Top Three L.A. Bands at Outside Lands Besides Best Coast and Foster the People
L.A. acts like Warpaint, Odd Future, Foster the People and Best Coast have really been making the festival circuit rounds this summer, and this past weekend at Outside Lands in San Francisco was no exception. Eight L.A. artists -- including Best Coast and Foster the People -- were on the bill.
Andrea Domanick Orgone
But while the intoxicated masses were singing along to well-known songs about pumped up kicks and boyfriends, a handful of up-and-comers showed us there's something new under the sun in L.A. music. Here are the three best local bands at Outside Lands.
If L.A. is a city of transplants, then Grouplove are fine ambassadors. The eclectic pop quintet has spent time in Brooklyn, London and even Greece, where the gang met during a summer art residency. They eventually relocated to L.A. to make music together, and their sound--something between Arcade Fire and Architecture in Helsinki, with a healthy dose of funk--quickly caught on. Their debut LP drops Sept. 13 on Atlantic, and they've already had tunes on shows like Entourage. Their Outside Lands gig was easily the most joy-filled set of the entire fest, and it was hard to tell who was having more fun: the band or the crowd. Grouplove just might represent the death of irony in L.A. music, and we couldn't be more ready for 'em.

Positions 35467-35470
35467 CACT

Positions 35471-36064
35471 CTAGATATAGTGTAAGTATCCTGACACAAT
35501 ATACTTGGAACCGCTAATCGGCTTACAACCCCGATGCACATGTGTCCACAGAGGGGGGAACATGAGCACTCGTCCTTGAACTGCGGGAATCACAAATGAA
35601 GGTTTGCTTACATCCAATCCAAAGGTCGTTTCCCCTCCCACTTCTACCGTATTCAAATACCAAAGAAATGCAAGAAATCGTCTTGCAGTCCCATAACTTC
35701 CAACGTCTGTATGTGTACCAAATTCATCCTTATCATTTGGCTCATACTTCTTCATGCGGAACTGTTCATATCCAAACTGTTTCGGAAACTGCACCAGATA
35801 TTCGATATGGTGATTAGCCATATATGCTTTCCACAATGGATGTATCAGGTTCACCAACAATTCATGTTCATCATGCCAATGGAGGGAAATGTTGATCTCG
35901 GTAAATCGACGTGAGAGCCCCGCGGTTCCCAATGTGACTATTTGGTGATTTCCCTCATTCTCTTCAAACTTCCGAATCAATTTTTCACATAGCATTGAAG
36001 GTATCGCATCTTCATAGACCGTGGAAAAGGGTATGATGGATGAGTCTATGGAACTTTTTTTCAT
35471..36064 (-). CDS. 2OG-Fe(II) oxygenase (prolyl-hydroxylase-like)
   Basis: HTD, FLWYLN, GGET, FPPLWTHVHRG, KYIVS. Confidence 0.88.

Andrea Domanick Grouplove
You can catch Grouplove Thursday, Sept. 22 at The Wiltern
2. Ximena Sariñana
Ximena Sariñana isn't just another indie-cute singer/songwriter chick. Born in Guadalajara and raised partially in L.A., the 25-year-old already has an impressive creative track record: she enjoyed success as a child actress in Mexico before moving on to front the jazz-funk band Feliz No Cumpleaños. She released her first solo record -- Mediocre, which is in Spanish -- in 2008, to critical acclaim, and her self-titled English debut dropped earlier this month.
Though that album is just a couple of weeks old, the songstress drew a huge crowd at Outside Lands, who eagerly sang along in both languages.
Sariñana herself is shy, similarly to Joanna Newsom, hiding behind her keyboard and a pair of geek-chic glasses. But songs like the smoldering "Tuo Y Yo" reveal a voice that is always subtle, deep and seductive. She's fiercely intelligent and wise, making comparisons to Fiona Apple easy, but the music itself is as diverse as her background. From pensive electro numbers like "Echo Park" to the piano pop of "Different," Sariñana's music is united by a feeling rather than a sound.
Ximena Sariñana plays Thursday, Oct. 6 at Culture Collide